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Abstract Detail


Ecological Section

Zaya, David [1], Leicht-Young, Stacey [2], Pavlovic, Noel [3], Ashley, Mary [4].

Asymmetric pollen flow between a native and introduced vine (Celastrus spp.).

The threat that introduced plant species pose to native biodiversity through competition and habitat alteration is widely recognized, but the threat of hybridization with native congeners has only recently gained attention. Hybridization is especially detrimental when asymmetric pollen flow occurs, when more pollen flows from the introduced species to the native than vice versa. American bittersweet (Celastrus scandens) and Oriental bittersweet (C. orbiculatus) are both vines found in the eastern United States, where C. scandens is native and C. orbiculatus was introduced in the late nineteenth century. Genetic analysis has confirmed the presence of hybrids in the wild, but in order to determine the rate of hybridization and directionality of pollen flow we conducted manipulative hand-crosses in the field and observations of flower fate on both vines. Results from manipulative hand-crosses demonstrated that American bittersweet is significantly more likely to accept pollen from Oriental bittersweet than vice versa. The observational study and germination trials demonstrated that American bittersweet pistillate plants have a lower flower fertilization rate and a greater hybridization rate, and the two rates are correlated with proximity of staminate congeners. Asymmetry in pollen flow is likely due to differences in recognition and rejection of interspecific pollen, and a large advantage of Oriental bittersweet in terms of staminate floral output. This work demonstrates the importance of eradicating Oriental bittersweet at the early stages of invasion, before hybridization can threaten the fecundity and genetic identity of American bittersweet populations.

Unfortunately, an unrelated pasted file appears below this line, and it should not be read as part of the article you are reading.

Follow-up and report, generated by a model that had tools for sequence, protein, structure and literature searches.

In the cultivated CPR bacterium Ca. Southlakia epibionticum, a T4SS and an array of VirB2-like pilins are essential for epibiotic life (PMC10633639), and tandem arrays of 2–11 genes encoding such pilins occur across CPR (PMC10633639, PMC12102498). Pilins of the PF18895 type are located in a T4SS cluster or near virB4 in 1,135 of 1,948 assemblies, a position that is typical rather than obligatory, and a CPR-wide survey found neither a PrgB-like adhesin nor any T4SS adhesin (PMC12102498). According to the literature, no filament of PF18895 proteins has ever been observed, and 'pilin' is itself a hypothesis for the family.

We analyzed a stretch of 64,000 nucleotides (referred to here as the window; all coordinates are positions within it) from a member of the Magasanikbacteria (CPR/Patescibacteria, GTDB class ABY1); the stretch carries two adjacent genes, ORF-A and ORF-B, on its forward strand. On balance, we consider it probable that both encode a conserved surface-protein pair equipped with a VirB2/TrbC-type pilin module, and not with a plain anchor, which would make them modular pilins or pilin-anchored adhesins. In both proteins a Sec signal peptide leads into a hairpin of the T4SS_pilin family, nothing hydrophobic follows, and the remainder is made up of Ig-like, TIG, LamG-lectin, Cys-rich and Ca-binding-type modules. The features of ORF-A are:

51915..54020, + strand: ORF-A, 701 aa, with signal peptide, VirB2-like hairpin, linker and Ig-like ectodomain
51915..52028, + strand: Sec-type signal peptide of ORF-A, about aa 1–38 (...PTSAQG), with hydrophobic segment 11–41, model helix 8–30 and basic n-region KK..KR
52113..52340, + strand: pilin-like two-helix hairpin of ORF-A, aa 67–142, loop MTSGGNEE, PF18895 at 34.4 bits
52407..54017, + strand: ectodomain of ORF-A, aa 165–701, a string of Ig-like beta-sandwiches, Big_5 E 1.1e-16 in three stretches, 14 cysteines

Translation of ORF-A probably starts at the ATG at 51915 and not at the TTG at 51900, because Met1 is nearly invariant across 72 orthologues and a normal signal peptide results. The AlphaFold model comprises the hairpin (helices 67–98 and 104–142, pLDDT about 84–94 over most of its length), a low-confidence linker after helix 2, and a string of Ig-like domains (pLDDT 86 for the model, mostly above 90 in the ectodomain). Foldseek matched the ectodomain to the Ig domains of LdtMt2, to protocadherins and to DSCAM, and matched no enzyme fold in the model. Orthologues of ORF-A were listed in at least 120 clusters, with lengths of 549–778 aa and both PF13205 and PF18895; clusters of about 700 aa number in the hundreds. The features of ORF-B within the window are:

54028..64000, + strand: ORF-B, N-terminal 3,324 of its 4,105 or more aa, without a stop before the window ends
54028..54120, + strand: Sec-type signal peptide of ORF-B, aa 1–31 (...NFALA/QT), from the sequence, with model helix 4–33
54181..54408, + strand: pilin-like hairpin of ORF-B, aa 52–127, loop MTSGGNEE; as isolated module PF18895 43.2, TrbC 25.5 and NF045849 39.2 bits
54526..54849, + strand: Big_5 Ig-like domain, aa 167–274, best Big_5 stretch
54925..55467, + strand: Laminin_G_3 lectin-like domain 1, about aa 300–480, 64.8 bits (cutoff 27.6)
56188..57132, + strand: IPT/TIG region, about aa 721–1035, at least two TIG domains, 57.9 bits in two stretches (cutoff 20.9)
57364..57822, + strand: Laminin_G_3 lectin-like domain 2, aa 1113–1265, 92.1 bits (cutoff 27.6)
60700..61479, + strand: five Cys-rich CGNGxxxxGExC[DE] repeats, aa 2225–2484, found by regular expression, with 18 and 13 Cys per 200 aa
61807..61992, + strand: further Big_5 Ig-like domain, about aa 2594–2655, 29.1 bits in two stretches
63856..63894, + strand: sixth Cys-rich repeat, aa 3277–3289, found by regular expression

Broader Impacts:


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1 - University Of Illinois At Chicago, UIC Biological Sciences, M/C 066, 845 W. Taylor, Chicago, IL, 60607, USA
2 - United States Geological Survey, Great Lakes Science Center, Lake Michigan Ecological Research Station, 1100 N. Mineral Springs Rd, Porter, IN, 46304, USA
3 - U.S. Geological Survey, 1100 N Mineral Springs Rd, Porter, IN, 46304, USA
4 - University Of Illinois At Chicago, 845 W. Taylor St., Chicago, IL, 60607, USA

Keywords:
invasive species
hybridization
microsatellite DNA
pollination.

Presentation Type: Oral Paper:Papers for Sections
Session: 7
Location: Fayette/Hyatt
Date: Monday, July 9th, 2012
Time: 9:00 AM
Number: 7001
Abstract ID:997


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